A view few in Dayton’s history have seen: Inside the dome of the Dayton Arcade

Local artist John Landsiedel has restored his grandfather’s work

For weeks, local artist John Landsiedel has climbed through a labyrinth of scaffolding to reach the top of the iconic dome of the Dayton Arcade.

Working on a wood deck constructed high above the Arcade’s floor, he has rehabilitated 16 plaster turkeys created by his grandfather, Byron Landsiedel, more than 100 years ago.

Byron Landsiedel was a man of many talents, working as a glass and ceramic artist and playing violin in the Cincinnati symphony. Working within the solitude of the dome gave Landsiedel time to reflect on his grandfather.

“As a little kid, I just heard stories. I never met him before he died, but by being up here I think I had some nice conversations with him,” he said. “I don’t know if he heard them but since I was the only one here I could talk out loud and we had some nice talks.”

Credit: Handout

Credit: Handout

The turkeys his grandfather created were placed at the base of each of the 16 beams that ring the dome. The Arcade, Dayton’s crowning jewel, opened in 1904 and was called “one of the country’s most modern and complete structures of its’ kind,” in a Dayton Daily News story published March 3, 1904. The glass dome is 90 feet in diameter and 70-feet high.


Landiedel said he was surprised the turkeys were in good shape considering they were installed 116 years ago.

“Cosmetically there were a lot of holes that had to be filled and some of the bracing used to hold them onto the beam was re-secured,” he said. “They are solid up here to last another 100 years.”

The turkeys have been cleaned and repainted in shades of brown, gold and vivid red. Some of the wattles were rebuilt and the eyes have been painted blue.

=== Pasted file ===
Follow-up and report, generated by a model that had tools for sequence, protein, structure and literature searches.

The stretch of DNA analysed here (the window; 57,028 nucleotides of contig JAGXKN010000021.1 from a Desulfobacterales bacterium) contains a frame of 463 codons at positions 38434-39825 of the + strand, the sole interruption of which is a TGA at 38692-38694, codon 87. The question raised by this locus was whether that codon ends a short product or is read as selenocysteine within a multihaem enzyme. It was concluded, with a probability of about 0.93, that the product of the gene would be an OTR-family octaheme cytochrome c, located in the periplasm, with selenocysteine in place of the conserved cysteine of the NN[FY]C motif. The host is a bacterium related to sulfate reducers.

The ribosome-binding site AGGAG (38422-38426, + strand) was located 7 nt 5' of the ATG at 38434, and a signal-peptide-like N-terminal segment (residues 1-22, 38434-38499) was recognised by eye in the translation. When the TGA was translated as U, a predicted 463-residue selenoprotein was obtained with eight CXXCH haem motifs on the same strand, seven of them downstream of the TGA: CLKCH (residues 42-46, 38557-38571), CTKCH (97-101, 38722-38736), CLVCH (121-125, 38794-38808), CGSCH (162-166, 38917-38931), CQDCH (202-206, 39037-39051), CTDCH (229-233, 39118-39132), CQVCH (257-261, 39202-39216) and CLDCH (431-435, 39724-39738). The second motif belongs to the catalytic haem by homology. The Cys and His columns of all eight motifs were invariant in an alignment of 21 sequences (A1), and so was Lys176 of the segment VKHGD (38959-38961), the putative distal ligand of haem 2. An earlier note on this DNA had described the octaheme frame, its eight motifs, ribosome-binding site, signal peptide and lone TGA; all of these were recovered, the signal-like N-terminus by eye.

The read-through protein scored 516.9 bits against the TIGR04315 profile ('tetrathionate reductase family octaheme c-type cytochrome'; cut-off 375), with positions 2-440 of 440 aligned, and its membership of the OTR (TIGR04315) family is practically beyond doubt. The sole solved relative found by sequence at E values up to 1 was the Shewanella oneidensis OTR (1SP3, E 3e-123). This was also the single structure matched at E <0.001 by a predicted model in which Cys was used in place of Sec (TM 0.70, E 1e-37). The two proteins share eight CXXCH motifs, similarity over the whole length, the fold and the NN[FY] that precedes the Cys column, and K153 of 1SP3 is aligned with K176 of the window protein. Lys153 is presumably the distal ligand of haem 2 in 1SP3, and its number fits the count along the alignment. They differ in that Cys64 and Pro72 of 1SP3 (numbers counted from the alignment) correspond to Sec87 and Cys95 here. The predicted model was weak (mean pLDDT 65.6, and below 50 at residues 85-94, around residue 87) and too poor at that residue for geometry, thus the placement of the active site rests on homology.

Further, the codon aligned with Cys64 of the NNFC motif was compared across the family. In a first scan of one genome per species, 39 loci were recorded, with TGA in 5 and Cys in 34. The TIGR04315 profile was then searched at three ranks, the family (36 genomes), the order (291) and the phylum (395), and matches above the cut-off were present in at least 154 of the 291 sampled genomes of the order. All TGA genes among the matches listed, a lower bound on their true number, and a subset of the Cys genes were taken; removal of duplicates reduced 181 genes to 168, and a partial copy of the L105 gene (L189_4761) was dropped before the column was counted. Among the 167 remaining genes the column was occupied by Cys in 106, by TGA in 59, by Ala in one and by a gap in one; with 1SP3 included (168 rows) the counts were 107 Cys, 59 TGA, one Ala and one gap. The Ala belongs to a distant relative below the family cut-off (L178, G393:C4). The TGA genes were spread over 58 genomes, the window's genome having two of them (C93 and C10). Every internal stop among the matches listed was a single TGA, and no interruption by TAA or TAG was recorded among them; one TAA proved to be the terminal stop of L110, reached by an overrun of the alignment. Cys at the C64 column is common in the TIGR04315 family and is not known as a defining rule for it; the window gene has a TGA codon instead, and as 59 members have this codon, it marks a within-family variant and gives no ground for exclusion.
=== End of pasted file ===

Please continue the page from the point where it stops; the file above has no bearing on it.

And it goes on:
While working Landsiedel listened to oldies radio and created a discreet tribute to the singers, writing “Elvis”, “Elton” and “Ringo” among others on the tops of the turkeys in a spot that will never be seen from below.

A cornucopia made of vegetables and fruits at the center of the dome and a metal lighting fixture reminiscent of a carousel have also being refurbished.

Landsiedel said the “undisturbed thinking time” inspired him to give back with art.

He will sell his artwork in a gallery at the Dayton Culture Works office, 110 N. Main St., with proceeds going toward renovation of the Arcade. The art pieces, made out of recycled materials, will have a small piece of rubble from the Arcade rehabilitation tucked  inside.

He is also planning an art auction for the future with other local artists inside the Arcade with proceeds benefiting local art programs and the renovation.

“I never thought I would be up here like this, but it made me think of all the times I came in here with my family,” he said.

“I think young people are going to rediscover just what the heart of Dayton is, and I think it’s the Arcade. And they’re going to come here and enjoy it and start making a whole new time of memories.”

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